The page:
I did not sleep all that well and we ended up getting up at 5:30 am.  It was raining pretty hard when we woke up, but the local weatherman kept assuring us that the rain would stop before the marathon start.  JD went down to the Starbucks to get me some coffee, and I made a sandwich with peanut butter, raisin bread, and banana (usual marathon breakfast).  I got dressed and bibbed up and then just hung out in the room watching race coverage on the local news.  The 8K started at 7 am, and it was pouring at that point.  We could actually watch the runners go right by our hotel from our room so that was fun. 
View of marathon start and the downpour from my hotel window
Last minute hug

Around 7:30 we went out to the street to watch the half marathon start. It was drizzling a little, but it wasn't too bad.  I got corralled around 7:45 and found my friends and pace group really easily.  I have to say that I loved race morning logistics since I could hang out in my hotel room until 30 minutes before race start and not have to worry about portapotties. It was also easy to find friends in the corral.  I ate a Honey Stinger waffle and some water right around that time.

I am very nervous!




 Before we knew it we were off and ready to go.  I started talking to the pace leader and found out that he had paced Oil Creek 100 that year, and that he was an avid ultrarunner so we spent quite a bit of time chatting about trail races.

 It was pouring about a mile into the race, but I was really enjoying myself.  The rain quit fairly quickly, and we were just left with mist and drizzle throughout most of the day.  Honestly, race weather was pretty much perfect the rest of the day with moderate temperatures and no sun.  I was comfortable in my tank, capris, and arm warmers for at least half of the race.  Somewhere around mile 4-5 there was a big crowd cheering, and I looked over in the group and Bart Yasso!!!! was standing right there cheering the runners on so I stuck out my hand and got a high 5 from the Chief Running Officer.  This was one of the big highlights of the race.  I joked that I might have been more excited to see Bart than I was to see my kids.  The miles were clicking along, and then we hit a decent short climb right before 10K. 
Rocking it through the Starbucks party zone

We hit 10K at 1:04:56 for a pace of 10:28 in that section.  We were walking through the water stations and then picking up the pace a little after each section.  The next section of the course was my favorite because we hit a party stop at the Starbucks and  ran right beside the James River for a few miles. 
Gorgeous river views

After that we ran through a bunch of neighborhoods and up and down some little hills.  This is all honestly a blur because I was so keyed in on keeping with the pace leader that I wasn't looking at much else.  I ran with some of the MRTT ladies for a little while at this point and got slightly ahead of the pace group, but we hit a short climb so I slowed down and let myself drop back to them.  We hit a party station and the half marathon exactly at 2:15:09 so our pace overall was 10:18/mile, but we had done a significant negative split in that section dropping our average pace to 10:16.  Somewhere in here I pushed my arm warmers down because I was starting to heat up a little.  I felt like I was doing a great job with hydration and fueling by taking small amounts of fuel starting at mile 6 and doing every 2 miles after that with either Honey Stingers or Sport Beans plus water.  Somehow I completely forgot about my Endurolytes even though I had them with me.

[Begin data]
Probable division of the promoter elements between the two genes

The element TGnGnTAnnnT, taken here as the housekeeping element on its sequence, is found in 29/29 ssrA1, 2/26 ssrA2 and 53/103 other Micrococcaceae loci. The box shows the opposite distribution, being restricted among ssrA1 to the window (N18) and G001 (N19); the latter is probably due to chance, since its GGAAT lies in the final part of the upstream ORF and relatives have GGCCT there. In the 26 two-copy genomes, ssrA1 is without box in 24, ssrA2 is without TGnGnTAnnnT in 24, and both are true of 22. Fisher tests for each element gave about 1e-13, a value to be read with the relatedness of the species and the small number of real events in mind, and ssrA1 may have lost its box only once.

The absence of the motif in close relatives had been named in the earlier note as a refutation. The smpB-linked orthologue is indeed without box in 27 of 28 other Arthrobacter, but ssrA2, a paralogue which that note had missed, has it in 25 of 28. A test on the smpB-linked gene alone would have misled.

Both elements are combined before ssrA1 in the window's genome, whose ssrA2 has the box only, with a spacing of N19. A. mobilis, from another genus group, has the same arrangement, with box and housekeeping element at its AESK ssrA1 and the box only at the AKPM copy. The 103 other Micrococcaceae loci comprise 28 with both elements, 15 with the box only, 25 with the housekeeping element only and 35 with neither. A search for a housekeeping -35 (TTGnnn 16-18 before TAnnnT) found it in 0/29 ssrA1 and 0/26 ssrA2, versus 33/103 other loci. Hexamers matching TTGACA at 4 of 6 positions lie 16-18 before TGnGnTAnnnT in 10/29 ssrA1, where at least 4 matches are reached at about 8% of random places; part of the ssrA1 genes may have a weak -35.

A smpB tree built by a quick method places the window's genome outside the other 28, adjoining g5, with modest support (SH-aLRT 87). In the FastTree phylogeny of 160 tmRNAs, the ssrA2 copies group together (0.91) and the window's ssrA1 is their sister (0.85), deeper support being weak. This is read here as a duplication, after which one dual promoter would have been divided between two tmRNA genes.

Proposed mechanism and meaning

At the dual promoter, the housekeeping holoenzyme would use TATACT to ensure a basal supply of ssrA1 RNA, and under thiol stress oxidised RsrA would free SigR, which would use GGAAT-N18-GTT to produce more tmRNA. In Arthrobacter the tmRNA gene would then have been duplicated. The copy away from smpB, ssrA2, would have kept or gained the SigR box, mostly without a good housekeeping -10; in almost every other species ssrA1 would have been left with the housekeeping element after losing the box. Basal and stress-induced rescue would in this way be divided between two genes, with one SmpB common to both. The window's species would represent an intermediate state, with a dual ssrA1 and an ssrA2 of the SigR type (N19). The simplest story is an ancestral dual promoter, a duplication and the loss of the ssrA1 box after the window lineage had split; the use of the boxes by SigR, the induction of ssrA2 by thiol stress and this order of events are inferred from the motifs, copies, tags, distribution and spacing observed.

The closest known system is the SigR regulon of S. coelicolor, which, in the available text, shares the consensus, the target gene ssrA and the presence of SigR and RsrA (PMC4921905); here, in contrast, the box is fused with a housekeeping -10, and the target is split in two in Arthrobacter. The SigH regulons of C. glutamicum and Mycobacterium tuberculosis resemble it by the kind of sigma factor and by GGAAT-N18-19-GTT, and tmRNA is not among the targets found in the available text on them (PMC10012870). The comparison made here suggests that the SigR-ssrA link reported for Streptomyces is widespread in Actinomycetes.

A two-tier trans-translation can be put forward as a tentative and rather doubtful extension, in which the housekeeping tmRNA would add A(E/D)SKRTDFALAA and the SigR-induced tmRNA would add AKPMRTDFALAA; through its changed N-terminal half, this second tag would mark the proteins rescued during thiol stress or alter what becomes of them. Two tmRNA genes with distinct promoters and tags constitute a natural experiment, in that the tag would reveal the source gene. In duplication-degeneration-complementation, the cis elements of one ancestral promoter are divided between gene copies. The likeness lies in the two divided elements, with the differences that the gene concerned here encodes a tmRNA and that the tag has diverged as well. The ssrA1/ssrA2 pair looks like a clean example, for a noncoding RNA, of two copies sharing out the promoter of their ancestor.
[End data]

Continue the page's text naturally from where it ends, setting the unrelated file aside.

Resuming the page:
Locked in and focused
So at mile 14 the pace leader tells us that the next bridge is pretty bad and this is where he usually loses a lot of the group. Determined not to lose the group, I glued myself to the pace leader.  I also made conversation with a few runners from National Black Marathoners Association who were in the group and looked to be running strong (BTW, loved their race bibs that said Running Free 1865).  I was trying to form bonds to keep me motivated to stay with the group.  At mile 15 we hit the Lee Bridge.  That thing looks like it's 10 miles long and reminds me of 14th Street Bridge in Marine Corps Marathon.  I stuck in one of my earbuds, locked in some Emninem on the ipod and focused.  Before I knew it the bridge was over, and we got hit with what would be our last serious climb. The pace leader was also starting to move a little faster in an attempt to bank some time between miles 16-20.  I was feeling pretty good and cheered by the fact that I might get to see JD and the boys around mile 17.

As we are part way up the climb in mile 16-17, the crowd starts to grow, and I start looking for the kids.  I spotted them, and made my way over for quick hugs as I was running through.  I was so excited to see friends and family that it helped me up that climb.  Around mile 18-19, I started to experience some stomach cramps.  I knew I was going to need a bathroom.  The portapotties had massive lines, and there was no way I was waiting in line during a race but running was starting to get uncomfortable.  I was also drifting to the back of the pace group as they were moving faster.  Finally I spotted a gas station as we were running through a neighborhood and darted in and found an empty bathroom.  I was much better after that and rejoined the race and picked my running back up.  Unfortunately I lost about 5-7 minutes during that stop and also lost my pace group.  I knew I wasn't going to be able to catch them so I settled in to get my self to run the last miles on my own.